Textile Today: It is said that Bangladeshi apparel professionals are not capable enough, So many foreign experts are engaged in the country’s apparel industry. How can Bangladeshi apparel professionals improve their professional expertise?
Kyaw Sein Thay: We have to remove the barrier between education and the industry. All the technical institute has to take consolidate the program to create more technical experts. Selecting people to give expert training and gradually employ them in the industry to take over the most responsible job can be an easy way to improve the situation.
According to a statistic, there are at least six lac foreigners are working in Bangladesh and nearly 10 billion USD is going to derange from the sector. We can reduce the quantity by expertise training from the local people at least to 5% by year.
Textile Today: Some young people, mostly females are working in the overseas buyer’s office those are playing important role in making a decision and running the business but most of the young generation in our country they are not much capable to play the same role. What is your opinion?
Kyaw Sein Thay: Young professionals can play their power and domination in the developed country even though they are below age 25. But in the same age, most of the young people in our country are not able to play the same role because of two reasons, one is a lake of root cause analysis and the second is not to think strategically.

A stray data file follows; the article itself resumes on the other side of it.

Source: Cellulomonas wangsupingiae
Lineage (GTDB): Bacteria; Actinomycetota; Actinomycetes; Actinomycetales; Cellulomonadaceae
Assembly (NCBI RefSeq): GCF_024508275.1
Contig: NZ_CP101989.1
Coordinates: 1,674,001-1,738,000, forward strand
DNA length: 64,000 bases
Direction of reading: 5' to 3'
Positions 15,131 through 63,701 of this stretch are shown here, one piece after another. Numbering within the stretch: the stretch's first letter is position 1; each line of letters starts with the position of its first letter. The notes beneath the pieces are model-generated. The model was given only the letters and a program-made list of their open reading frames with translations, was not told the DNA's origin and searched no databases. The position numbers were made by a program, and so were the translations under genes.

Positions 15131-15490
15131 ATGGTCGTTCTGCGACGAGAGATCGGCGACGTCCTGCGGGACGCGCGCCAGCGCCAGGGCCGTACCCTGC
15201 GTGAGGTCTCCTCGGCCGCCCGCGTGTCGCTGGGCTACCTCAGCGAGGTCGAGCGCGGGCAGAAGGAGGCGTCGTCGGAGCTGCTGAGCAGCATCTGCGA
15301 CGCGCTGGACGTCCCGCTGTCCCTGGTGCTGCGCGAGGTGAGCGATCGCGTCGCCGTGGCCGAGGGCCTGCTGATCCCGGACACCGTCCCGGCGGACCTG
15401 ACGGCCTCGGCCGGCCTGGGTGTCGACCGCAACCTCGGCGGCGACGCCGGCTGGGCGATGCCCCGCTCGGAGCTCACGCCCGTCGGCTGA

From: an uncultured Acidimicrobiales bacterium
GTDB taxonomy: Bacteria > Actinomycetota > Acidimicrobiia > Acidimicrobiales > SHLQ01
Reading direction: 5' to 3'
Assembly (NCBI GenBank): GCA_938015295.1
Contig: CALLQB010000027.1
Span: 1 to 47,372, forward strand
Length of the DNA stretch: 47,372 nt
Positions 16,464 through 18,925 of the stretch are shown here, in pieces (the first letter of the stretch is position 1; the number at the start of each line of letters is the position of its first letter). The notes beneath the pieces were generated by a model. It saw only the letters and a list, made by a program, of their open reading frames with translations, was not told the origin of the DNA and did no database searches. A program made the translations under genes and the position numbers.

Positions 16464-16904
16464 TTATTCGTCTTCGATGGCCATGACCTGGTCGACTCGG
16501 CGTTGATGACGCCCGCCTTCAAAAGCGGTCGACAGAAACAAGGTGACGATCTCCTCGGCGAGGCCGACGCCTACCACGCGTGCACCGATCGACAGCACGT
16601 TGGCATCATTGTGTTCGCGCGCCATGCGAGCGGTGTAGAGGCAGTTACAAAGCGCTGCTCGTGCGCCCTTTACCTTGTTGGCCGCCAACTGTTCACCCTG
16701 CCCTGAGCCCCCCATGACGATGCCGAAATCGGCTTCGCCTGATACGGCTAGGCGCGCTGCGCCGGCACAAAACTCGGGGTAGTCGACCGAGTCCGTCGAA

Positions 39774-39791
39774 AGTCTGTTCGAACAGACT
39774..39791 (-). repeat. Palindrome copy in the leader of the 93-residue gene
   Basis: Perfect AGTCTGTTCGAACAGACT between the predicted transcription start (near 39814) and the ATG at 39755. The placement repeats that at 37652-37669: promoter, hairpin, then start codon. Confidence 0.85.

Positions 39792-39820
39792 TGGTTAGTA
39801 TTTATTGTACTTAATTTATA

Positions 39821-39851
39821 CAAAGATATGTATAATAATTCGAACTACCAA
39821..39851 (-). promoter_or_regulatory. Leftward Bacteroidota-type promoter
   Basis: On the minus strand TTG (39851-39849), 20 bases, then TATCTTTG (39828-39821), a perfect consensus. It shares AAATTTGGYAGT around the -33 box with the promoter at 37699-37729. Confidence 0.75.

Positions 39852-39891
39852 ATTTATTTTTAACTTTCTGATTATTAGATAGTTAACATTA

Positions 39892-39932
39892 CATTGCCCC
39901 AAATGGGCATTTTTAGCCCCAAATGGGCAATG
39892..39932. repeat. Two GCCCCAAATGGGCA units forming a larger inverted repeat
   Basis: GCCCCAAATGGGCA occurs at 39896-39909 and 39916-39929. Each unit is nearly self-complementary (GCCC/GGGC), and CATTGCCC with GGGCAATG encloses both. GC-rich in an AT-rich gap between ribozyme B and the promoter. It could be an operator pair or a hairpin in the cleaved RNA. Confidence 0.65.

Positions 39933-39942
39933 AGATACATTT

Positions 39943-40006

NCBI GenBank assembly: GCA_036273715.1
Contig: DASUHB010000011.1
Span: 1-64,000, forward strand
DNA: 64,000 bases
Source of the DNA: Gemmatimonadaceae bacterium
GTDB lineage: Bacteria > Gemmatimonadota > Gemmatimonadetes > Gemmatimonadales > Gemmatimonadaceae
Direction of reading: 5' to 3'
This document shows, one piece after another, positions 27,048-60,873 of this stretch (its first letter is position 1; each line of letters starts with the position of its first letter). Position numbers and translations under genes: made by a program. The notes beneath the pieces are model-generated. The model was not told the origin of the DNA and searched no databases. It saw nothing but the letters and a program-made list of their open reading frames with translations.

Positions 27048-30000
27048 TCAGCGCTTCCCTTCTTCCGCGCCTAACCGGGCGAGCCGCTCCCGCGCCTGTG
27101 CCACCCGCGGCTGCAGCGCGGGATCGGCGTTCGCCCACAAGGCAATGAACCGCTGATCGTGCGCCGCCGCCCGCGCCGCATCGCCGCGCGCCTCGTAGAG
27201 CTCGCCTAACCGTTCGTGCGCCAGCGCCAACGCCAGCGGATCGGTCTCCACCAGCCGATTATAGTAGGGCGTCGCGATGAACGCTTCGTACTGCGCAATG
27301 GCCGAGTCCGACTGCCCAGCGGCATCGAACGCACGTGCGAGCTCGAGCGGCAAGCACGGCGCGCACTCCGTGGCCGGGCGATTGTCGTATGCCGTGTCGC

Before any professional meeting root cause analysis is important as well as keeping all the strategic data. The root cause analysis is to gather various information on the coming question and to keep answer ready to drive a successful business meeting. The young professionals should also understand how to derive a business meeting as well as to run it up to the successful end.
Textile Today: Bangladeshi garment manufacturers are saying in the context of fair price buyers are not ready to pay, though all the demands to improve workplace safety and upgrade wages already implemented. What is your opinion?
Kyaw Sein Thay: Bangladesh is the 2nd largest garment exporter after China but we are not in a good position for negotiation. Negotiation can be effective and successful when you will know your position to the counterpart. If they are not ready to listen to your word or if you are not important enough to them you will never win in the negotiation.
We see Vietnam is potentially competing with Bangladesh in the American market, and they will supersede us by next year and has taken 80 billion export target by 2025. The production efficiency is now more than 77% in the garment manufacturing unit in Vietnam.
On the contrary Bangladesh position is, height level of wastage in production. Even some factories are not able to give proper inventory over the wastage quantity also.
We must have to understand all the wastage is our money. Being a country of the highest wastage, the lower rate of efficiency in production how do we ask the buyer for the higher price?
If Vietnam or Sri Lanka can offer a competitive price on their best capability and efficiency how do we ask the better price without improving the above area. If the factory says the buyer is not ready to pay more for the wages hike that means factory does not have the tools to negotiate with the buyers.